Chambers also continues to work with Young Citizens, Kalisher Trust, Centre for Women’s Justice, Clean Break Theatre and Women in Criminal Law.

For a full list of Pro Bono services and case work that a selection of our members have undertaken in 2020 please see list below.

Pro Bono Services:

Co-Head of Chambers Gillian Jones QC
Gillian was instructed by the Centre for Women’s Justice in Jemma Beale’s appeal against conviction. As a member of the Legal Panel for the Centre for Women’s Justice she has drafted responses for cases and has led on training in ‘Sexual Offences – Law and Procedure’ for the organisation. She takes part in the ELBA Mentoring scheme as well as being a Board Member on the Development Committee for Clean Break Theatre which uses theatre to keep the conversation about women in prison on the cultural radar.

Professor Laura Hoyano
Laura has been working with the Youth Justice Legal Centre/Just for Kids Law on their new YHLJ Intermediary Guide – Use of intermediaries for child defendants for child defendants, appearing on an accompanying webinar. She has also provided pro bono advice on developing the strategy in the successful case of TI v Bromley Youth Court on the use of intermediaries.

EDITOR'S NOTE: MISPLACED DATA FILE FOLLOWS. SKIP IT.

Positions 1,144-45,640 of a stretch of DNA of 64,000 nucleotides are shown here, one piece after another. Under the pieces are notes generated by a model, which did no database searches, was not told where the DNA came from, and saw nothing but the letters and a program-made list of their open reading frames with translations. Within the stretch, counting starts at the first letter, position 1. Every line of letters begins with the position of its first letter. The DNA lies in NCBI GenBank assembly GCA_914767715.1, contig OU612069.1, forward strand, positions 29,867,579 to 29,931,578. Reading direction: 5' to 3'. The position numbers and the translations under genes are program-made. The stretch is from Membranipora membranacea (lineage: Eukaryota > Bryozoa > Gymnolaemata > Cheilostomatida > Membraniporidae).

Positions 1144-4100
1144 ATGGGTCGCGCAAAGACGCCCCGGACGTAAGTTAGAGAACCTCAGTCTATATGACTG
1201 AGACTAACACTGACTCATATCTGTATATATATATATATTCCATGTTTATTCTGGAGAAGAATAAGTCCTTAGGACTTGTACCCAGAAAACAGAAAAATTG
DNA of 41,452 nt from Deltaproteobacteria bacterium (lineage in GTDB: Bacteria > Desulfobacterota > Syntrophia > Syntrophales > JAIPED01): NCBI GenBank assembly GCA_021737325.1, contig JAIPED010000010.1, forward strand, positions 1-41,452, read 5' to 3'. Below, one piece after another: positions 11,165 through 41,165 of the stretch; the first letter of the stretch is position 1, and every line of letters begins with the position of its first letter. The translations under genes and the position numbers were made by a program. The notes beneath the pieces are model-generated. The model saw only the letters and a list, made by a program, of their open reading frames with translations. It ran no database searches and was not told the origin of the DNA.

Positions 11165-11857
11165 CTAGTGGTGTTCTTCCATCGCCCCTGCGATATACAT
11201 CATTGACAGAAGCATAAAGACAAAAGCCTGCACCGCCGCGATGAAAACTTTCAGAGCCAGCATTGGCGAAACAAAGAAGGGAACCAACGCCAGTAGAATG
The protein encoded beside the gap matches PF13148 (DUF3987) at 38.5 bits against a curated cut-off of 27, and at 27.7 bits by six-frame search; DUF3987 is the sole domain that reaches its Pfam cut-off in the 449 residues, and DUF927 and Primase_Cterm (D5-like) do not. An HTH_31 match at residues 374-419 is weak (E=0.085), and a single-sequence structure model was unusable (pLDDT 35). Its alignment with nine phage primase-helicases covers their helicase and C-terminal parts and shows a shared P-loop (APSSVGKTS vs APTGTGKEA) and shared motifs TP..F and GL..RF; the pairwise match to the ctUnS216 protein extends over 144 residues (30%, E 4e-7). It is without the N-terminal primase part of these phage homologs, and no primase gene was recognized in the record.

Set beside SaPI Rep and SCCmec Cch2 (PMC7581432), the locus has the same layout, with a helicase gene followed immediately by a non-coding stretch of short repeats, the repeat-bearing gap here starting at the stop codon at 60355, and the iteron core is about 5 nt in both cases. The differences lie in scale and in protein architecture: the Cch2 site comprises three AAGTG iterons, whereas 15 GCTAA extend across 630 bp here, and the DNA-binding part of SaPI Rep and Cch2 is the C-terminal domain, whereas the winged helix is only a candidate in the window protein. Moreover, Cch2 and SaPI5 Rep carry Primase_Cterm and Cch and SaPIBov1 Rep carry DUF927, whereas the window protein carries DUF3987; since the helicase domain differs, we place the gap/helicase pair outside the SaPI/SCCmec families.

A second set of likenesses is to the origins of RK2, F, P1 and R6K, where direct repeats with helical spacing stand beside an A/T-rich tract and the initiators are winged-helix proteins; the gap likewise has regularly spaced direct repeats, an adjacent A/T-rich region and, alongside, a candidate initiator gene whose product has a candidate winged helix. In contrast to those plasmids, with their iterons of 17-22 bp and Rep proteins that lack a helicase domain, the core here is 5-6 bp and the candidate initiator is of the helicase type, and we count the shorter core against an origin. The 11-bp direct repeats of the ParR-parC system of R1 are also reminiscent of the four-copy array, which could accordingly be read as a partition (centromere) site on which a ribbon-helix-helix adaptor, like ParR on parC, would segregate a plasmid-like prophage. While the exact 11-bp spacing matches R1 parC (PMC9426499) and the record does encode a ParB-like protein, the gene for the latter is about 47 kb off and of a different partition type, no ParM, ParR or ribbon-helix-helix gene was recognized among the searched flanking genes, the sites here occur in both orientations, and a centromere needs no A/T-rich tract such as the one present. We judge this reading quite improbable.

Michelle Nelson QC
Michelle is a trustee of the Prison Reform Trust (PRT) assisting to shape its strategic vision. She supports the PRT to raise awareness of the conditions in prisons, the experience of prisoners, to challenge sentencing practice and address the inequality in numbers and experiences of prisoners in relation to gender, ethnicity and youth. Michelle is also the Commissioner on the 2019/20 Inquiry into the Criminal Cases Review Commission and on the 2020 Independent Commission into the Experience of Victims and Long-Term Prisoners, both working to improve the criminal justice system. She also sits as the Chair of the Ekaya Housing Association, which holds property across 8 south London boroughs and provides housing and accommodation support particularly for Black and minority ethnic women and their families, and as part of that, operates a community nursery. Michelle mentors graduates and undergraduates with ELBA and is a member and founder of SHIFT25.